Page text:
One more plank remains in that sublime product of the genius of Hamilton and Clay, the American System: internal improvements. Lincoln, ever the sedulous ape of Clay, of course aggressively supported them; but Lind is constrained to admit that they were a disaster: "However, the internal improvement system, [in] the adoption of which Lincoln had played such a prominent part, had collapsed, with the result that Illinois was left with an enormous debt and an empty treasury. Similar overly ambitious schemes failed in other states, some of which, like Illinois in 1848, amended their constitutions to ban state subsidies to private enterprise" (p. 98, quoting Lincoln’s law partner, William Herndon).

Our irrepressible author is not to be denied, and again, in ham-handed fashion, he finds virtue in economic idiocy: the Illinois internal improvements follow a "familiar pattern" (p. 98). Government and private overinvestment in new technology causes a boom and subsequent collapse, but eventually the innovation becomes widespread and the economy prospers. It does not seem to have occurred to Lind to ask why one must force more technology on the market than it can without collapse absorb. "Where there are no governmentally caused booms and collapses, the people stagnate" hardly seems a counsel of wisdom.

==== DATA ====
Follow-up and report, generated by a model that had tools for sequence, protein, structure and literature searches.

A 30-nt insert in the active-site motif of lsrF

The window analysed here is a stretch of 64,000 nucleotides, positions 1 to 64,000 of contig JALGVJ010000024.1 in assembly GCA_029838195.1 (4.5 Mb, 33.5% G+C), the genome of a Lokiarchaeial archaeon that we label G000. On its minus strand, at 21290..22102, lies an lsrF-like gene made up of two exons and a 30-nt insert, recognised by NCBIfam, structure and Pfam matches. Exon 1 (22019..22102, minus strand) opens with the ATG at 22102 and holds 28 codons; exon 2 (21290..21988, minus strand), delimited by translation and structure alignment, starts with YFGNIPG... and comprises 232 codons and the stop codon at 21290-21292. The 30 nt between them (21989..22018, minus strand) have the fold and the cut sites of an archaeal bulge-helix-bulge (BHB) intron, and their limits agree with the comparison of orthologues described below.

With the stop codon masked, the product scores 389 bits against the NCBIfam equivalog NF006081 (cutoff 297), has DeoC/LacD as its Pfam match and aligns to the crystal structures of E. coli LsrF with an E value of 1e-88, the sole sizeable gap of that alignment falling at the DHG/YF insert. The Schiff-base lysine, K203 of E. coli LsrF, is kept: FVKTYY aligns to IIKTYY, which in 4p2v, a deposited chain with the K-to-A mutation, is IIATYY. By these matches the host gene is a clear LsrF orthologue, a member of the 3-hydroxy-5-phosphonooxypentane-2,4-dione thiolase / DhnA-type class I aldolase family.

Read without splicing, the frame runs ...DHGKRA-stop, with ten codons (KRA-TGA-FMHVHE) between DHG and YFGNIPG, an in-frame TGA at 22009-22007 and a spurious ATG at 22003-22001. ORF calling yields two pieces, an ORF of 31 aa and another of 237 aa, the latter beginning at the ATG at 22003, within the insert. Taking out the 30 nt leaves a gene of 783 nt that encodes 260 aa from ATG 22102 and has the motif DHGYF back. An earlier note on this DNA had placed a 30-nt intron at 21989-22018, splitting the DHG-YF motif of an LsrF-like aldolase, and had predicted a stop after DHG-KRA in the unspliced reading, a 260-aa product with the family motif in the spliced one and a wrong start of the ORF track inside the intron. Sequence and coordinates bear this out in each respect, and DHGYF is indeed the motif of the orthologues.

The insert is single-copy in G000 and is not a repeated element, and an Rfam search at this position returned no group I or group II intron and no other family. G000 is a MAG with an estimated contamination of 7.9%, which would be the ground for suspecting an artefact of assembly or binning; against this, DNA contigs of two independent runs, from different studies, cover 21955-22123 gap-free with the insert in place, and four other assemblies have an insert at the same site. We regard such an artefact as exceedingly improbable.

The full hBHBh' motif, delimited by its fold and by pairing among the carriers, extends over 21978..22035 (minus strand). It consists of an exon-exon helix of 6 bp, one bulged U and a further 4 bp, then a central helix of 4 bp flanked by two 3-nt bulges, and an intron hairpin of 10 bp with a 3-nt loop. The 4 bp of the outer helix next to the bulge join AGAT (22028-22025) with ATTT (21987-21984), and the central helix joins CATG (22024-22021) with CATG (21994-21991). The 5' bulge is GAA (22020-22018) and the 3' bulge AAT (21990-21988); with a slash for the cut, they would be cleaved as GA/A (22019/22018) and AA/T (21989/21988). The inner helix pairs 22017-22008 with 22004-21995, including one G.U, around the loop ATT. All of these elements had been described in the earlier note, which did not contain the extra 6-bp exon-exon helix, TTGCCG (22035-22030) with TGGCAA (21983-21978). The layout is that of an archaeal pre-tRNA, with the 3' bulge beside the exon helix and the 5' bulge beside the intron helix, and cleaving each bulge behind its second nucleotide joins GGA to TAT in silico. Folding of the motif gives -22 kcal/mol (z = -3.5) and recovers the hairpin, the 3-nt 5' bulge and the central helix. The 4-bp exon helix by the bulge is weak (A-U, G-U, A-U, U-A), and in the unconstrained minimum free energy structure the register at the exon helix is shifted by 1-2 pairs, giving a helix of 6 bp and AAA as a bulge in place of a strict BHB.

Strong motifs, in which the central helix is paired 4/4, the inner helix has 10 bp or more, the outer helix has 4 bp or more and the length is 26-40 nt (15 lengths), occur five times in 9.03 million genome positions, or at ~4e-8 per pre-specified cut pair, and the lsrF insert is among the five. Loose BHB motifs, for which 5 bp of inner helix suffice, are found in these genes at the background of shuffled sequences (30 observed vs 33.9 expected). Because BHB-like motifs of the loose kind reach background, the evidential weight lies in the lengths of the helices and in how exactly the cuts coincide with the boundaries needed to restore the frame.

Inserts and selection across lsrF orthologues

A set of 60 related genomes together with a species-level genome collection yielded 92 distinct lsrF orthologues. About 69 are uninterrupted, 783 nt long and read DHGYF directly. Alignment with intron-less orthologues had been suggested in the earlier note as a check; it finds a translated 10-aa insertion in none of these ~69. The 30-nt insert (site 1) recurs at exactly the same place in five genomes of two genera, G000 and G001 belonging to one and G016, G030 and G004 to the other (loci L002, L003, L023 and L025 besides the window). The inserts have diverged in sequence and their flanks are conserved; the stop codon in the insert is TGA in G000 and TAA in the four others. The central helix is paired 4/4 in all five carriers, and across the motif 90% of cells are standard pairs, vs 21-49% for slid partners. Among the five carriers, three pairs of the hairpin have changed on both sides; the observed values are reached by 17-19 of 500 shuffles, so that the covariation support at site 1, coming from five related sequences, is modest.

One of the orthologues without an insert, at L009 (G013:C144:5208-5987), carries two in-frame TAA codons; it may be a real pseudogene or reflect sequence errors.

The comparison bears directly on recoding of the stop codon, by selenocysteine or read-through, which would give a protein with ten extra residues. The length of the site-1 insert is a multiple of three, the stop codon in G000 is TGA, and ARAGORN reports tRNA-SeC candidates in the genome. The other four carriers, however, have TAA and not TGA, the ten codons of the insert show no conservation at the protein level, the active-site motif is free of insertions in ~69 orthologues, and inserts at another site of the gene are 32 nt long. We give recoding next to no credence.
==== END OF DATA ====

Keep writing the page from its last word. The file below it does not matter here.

Economics forms only one part of the program of Clay and Lincoln; they also had in mind a plan for racial harmony. This plan was not altogether in accord with contemporary egalitarian concerns. Clay, as usual followed by Lincoln, wished to isolate blacks from whites, ideally by deporting blacks from America.

Lind rightly calls attention to the excellent work of Lerone Bennett, Forced Into Glory.2Bennett, and Lind following him, contends that Lincoln’s often-repeated professions of faith in the equality clause of the Declaration of Independence must be understood in a special sense, so far as blacks are concerned. True enough, Lincoln thought that blacks counted among the men who were "created equal." But their equal human rights did not entitle them to equal political rights: far from it.